COVID-19 has forced the suspension of thousands of businesses, resulting in widespread economic loss. Many of the businesses that have survived are looking to their insurers to cover their losses. While Covid-19 is a virus, the economic loss sustained by businesses is attributable to shelter-in-place orders that have denied businesses access to their customers. Numerous cases have addressed whether the denial of access to a business by order of government is a covered cause of loss under an all-risk policy. A review of this authority shows that the salient issue is whether the insured can show that its loss arose from a direct physical loss or damage to its property. To the extent that the great majority of business interruption claims arising from COVID-19 have resulted from government shutdowns, rather than physical property damage, insureds may have difficulty recovering on their business interruption claims.
The Basic Commercial Property Coverage Forms
The evaluation of a business interruption claim begins with an analysis of three forms: (i) the commercial property form (e.g., CP 0010 1012), (ii) the business interruption form (e.g., CP 0030 0607), and (iii) the cause of loss form (e.g., CP 1030 0402).
The coverage section of the business interruption form sets forth what ultimately turns out to be the critical element to the analysis – direct physical loss or damage. “We will pay for the actual loss of Business Income you sustain due to the necessary ‘suspension’ of your ‘operations’ during the ‘period of restoration’. The ‘suspension’ must be caused by direct physical loss of or damage to property at premises which are described in the Declarations and for which a Business Income Limit of Insurance is shown in the Declarations. The loss or damage must be caused by or result from a Covered Cause of Loss.” (CP 0030 0607 (2007)). (Emphasis added.)
In identifying the “Covered Causes Of Loss”, the standard commercial property form indicates, “[s]ee applicable Causes Of Loss form as shown in the Declarations.” (CP 0010 1012 (2011)). Accordingly, “the policy only provides coverage for loss or damage to covered property if the loss or damage stems from a covered cause of loss.” U.S. Fidelity & Guar. Co. v. First State Bank and Trust Co., 941 F.Supp. 101, 104 (E.D. Mo. 1996).
The basic covered cause of loss form (CP 1010) lists certain perils (e.g., fire, windstorm, etc.), and the broad form (CP 1020) adds several risks (e.g., water damage. etc.) thereto. Under a named-perils policy, “[a]n insurance policy only insures against the perils named in the contract of insurance.” New Orleans, T. & M. Ry. Co. v. Union Marine Ins., 286 F. 32, 34 (5th Cir. 1923). In other words, “‘named perils’ or ‘specific perils’ policies … exclude all risks not specifically named.” Preis v. Lexington Ins. Co., 508 F.Supp.2d 1061, 1071 (S.D. Ala. 2007). Since a virus is not a designated peril, a business interruption claim based thereon is – absent an endorsement – not covered under the basic or broad cause of loss form.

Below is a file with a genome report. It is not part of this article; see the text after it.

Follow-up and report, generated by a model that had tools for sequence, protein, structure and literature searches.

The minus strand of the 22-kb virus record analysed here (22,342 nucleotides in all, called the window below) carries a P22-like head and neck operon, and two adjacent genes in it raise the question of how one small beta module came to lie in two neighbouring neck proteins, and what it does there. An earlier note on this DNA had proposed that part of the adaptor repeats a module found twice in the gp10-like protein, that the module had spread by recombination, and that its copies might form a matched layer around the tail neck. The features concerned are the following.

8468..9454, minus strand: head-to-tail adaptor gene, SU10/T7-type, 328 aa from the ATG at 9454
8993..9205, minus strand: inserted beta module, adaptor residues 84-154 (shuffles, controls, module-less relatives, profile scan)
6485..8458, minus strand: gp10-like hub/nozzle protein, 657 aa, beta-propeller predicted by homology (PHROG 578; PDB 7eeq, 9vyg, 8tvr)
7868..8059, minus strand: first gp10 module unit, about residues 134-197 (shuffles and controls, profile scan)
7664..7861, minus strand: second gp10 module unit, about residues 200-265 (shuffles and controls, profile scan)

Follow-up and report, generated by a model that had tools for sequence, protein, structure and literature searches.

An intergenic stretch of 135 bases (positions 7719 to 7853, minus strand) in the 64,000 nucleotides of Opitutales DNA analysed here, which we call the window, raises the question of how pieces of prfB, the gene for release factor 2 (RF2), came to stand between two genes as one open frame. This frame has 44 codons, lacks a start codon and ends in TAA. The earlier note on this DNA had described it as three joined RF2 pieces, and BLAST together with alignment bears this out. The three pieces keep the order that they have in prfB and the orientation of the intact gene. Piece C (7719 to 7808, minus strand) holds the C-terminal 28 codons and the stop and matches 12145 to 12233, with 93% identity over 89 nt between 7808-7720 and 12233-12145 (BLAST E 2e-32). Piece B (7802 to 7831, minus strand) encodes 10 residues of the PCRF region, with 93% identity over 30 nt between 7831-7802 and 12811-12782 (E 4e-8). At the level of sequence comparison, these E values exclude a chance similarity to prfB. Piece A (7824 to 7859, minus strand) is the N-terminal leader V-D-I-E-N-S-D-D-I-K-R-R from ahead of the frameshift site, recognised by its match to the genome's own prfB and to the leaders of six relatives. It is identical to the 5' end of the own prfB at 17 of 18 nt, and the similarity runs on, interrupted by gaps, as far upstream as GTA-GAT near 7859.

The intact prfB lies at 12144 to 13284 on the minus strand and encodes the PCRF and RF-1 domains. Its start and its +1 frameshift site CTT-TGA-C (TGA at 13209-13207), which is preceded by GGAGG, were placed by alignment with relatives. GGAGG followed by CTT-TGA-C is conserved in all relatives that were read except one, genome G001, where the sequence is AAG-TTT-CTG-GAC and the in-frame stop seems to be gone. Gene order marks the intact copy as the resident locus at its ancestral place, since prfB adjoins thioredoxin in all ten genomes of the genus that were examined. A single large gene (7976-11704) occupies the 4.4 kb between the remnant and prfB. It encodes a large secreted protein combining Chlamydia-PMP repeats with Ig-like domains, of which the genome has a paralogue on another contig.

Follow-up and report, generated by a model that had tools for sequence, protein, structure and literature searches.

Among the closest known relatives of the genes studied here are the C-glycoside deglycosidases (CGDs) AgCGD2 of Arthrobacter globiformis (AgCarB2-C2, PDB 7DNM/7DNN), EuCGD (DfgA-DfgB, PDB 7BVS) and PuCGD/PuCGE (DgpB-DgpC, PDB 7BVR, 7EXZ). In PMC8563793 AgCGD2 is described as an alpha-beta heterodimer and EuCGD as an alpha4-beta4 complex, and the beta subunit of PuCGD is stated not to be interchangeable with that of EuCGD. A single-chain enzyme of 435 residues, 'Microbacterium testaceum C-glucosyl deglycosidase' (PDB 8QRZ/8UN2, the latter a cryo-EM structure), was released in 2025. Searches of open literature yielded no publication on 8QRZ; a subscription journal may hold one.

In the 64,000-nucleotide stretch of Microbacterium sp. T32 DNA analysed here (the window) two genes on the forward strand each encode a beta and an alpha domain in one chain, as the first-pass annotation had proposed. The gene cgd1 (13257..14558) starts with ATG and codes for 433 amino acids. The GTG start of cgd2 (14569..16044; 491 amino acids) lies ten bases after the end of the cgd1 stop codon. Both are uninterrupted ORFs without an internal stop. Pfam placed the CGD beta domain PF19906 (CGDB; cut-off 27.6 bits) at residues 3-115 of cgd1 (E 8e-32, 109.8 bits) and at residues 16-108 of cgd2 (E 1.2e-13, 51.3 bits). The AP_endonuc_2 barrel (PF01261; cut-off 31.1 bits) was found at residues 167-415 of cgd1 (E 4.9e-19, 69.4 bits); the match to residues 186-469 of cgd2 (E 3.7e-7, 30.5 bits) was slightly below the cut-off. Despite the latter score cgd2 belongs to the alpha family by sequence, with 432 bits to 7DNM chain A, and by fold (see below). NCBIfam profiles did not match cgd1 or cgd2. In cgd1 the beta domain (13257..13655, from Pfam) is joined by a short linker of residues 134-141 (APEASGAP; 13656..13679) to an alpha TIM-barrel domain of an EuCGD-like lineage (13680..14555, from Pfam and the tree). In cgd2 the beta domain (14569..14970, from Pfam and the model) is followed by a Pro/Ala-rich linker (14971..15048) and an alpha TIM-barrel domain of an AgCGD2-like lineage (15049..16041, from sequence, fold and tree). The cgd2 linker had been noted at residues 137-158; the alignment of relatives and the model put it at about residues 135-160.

On the other hand, the special form (CP 1030) indicates “[w]hen Special is shown in the Declarations, Covered Causes of Loss means Risks Of Direct Physical Loss unless the loss is … [e]xcluded in Section B.” Thus, all-risk coverage under the special form applies to losses not excluded thereunder. Parks Real Estate Purchasing Group v. St. Paul Fire & Marine Ins. Co., 472 F.3d 33, 48 (2nd Cir. 2006) (“In order to obtain coverage under a first-party [insurance] policy, the insured must … suffer a loss not caused by an excluded peril in an all risk policy.”) However, “‘all risks’ does not mean ‘every risk'”, such that “the responsibility under a first-party ‘all risks’ policy must be determined by the terms and conditions of the contract.” Port Authority of New York v. Affiliated FM Ins. Co., 311 F.3d 226, 234 (3rd Cir. 2002).
Thus, subject to the policy terms, and to the extent not excluded thereunder, a loss resulting from an order issued by a civil authority may constitute a covered cause of loss under an all-risk policy. See, Dixson Produce, LLC v. National Fire Ins. Co. of Hartford, 99 P.3d 725, 729 (Okla. 2004) (denying coverage because “there was no ‘action of civil authority that prohibited access to the described premises due to direct physical loss of or damage to property …'”) However, this is not the end of the analysis.
Direct Physical Loss or Damage to Property
While eradication of Covid-19 is the ultimate concern of the shelter-in-place orders, the economic harm suffered by businesses is caused by government directives denying customer access. The treatment of business interruption claims arising from the Federal Aviation Administration stand-down orders following the Sept. 11, 2001 attacks indicate that prophylactic government orders intended to prevent future harm do not constitute direct physical loss or damage to property so as to trigger business interruption coverage.